Step three: Hold Donald Trump accountable for the fraud he is. He steals votes and then screws to locals by proposing eliminating such worthy programs as the Appalachian Regional Commission.

    Step four: Get broadband there now — even if the government has to do it.

    Step five: This has all been done, but diversify into ATV trails and more recreation. Call centers are very limited.

    The good news for Virginia is that it has a tiny coalfields region. West Virginia and Kentucky are in much bigger trouble.

    And Jim, as a former West Virginian, I wouldn’t tell someone from that state that he or she “needs to decline gracefully.” You’d get your ass handed to you.

    1. djrippert Avatar

      All well intentioned ideas. I doubt any will work.

      Force the mines to pay more back into the communities. How? A retroactive tax? I’m not sure that’s legal. Higher taxes going forward? They’ll leave before they pay enough additional money to make a difference. The total production of coal in Appalachia went down 17.3% from 2014 to 2015 – a single year!

      More government assistance. Narry Byrd didn’t bring technology jobs to West Virginia coal country. He brought technology jobs to the greater Washington, DC area in West Virginia. Miners who wanted those jobs had to relocate.

      Hold Trump accountable. The Appalachian Regional Commission isn’t working. Jobs are leaving. Misery is increasing. In 1980 West Virginia had 1,949,644 residents. In 2016 that number was down to 1,831,102 – a population loss of 6.1%. During that same period the population of the United States grew 43%. If West Virginia grew at the same speed as the rest of the country there would be almost a million more people living there. Maybe we hold Obama accountable for failing to deliver any progress in Appalachia over 8 years in office.

      Get broadband to Appalachia. I don’t know why people think this is a panacea. Is there broadband in the City of Richmond? Have the schools dramatically improved since broadband arrived? What do you think broadband will do?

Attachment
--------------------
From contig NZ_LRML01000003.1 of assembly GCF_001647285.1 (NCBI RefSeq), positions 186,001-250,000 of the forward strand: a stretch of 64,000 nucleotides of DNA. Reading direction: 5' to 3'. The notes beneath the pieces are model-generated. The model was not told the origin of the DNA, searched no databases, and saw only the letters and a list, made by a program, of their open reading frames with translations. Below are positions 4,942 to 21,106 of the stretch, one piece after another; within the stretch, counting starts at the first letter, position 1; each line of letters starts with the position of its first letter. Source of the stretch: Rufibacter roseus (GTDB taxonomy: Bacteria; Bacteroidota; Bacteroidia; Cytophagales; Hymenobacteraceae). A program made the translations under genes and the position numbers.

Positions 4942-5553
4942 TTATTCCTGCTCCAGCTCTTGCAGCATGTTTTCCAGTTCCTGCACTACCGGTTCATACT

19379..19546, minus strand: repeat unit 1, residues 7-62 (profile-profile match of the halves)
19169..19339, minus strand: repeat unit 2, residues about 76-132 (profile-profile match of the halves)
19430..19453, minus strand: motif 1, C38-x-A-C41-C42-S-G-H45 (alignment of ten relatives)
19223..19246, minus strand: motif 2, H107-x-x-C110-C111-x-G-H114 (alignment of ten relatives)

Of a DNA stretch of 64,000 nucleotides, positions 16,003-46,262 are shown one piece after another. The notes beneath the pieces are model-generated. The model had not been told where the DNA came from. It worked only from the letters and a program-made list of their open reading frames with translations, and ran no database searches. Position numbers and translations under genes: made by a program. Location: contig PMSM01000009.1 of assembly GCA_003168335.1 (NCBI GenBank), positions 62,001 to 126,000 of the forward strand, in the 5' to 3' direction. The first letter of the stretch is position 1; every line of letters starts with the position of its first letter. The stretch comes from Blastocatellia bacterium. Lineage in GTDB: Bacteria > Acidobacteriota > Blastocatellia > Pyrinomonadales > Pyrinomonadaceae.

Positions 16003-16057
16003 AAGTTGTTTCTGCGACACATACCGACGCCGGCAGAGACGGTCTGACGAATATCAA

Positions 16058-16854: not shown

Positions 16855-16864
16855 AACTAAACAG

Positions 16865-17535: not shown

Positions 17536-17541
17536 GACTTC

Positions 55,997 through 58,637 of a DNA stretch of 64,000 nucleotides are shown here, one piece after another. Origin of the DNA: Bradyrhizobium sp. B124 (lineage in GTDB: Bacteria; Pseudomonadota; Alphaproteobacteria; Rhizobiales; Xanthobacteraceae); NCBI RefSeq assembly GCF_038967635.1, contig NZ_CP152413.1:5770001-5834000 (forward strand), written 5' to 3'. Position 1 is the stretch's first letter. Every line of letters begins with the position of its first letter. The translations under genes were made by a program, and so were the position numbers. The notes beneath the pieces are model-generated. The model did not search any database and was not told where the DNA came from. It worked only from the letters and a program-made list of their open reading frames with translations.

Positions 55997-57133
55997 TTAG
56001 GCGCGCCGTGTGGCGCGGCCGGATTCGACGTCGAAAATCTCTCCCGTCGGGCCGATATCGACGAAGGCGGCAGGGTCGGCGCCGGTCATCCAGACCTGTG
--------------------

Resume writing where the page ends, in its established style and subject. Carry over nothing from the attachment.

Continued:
More ATV trails and recreation? Maybe, but the people who want to use those trails still have to get to very remote places if it’s going to help coal country.

      Jim never said West Virginia had to decline gracefully. He said “coal country” had to decline gracefully. I say it’s going to decline – gracefully or otherwise. Moving the people to the jobs will prove a lot more successful than trying to move the jobs to the people.

  9. While we are at it, we should go back and revive and all those Western gold and silver ghost towns. If we just put in broadband, I’m sure all the descendants will come back.

  10. CleanAir&Water Avatar

    There is a bill in Congress to speed up the release of monies for mining reclamation. Don Beyer has introduced an amendment to clarify the lines between cleaning up toxicity left and which properties can be reused for economic development. The clarification should satisfy the naysayers.
    So the money is there. Reclaiming the damaged property creates jobs and future economic development help for the locals sounds good too.
    What is not to like?

  11. CleanAir&Water Avatar

    Here is a clearer explanation of the bill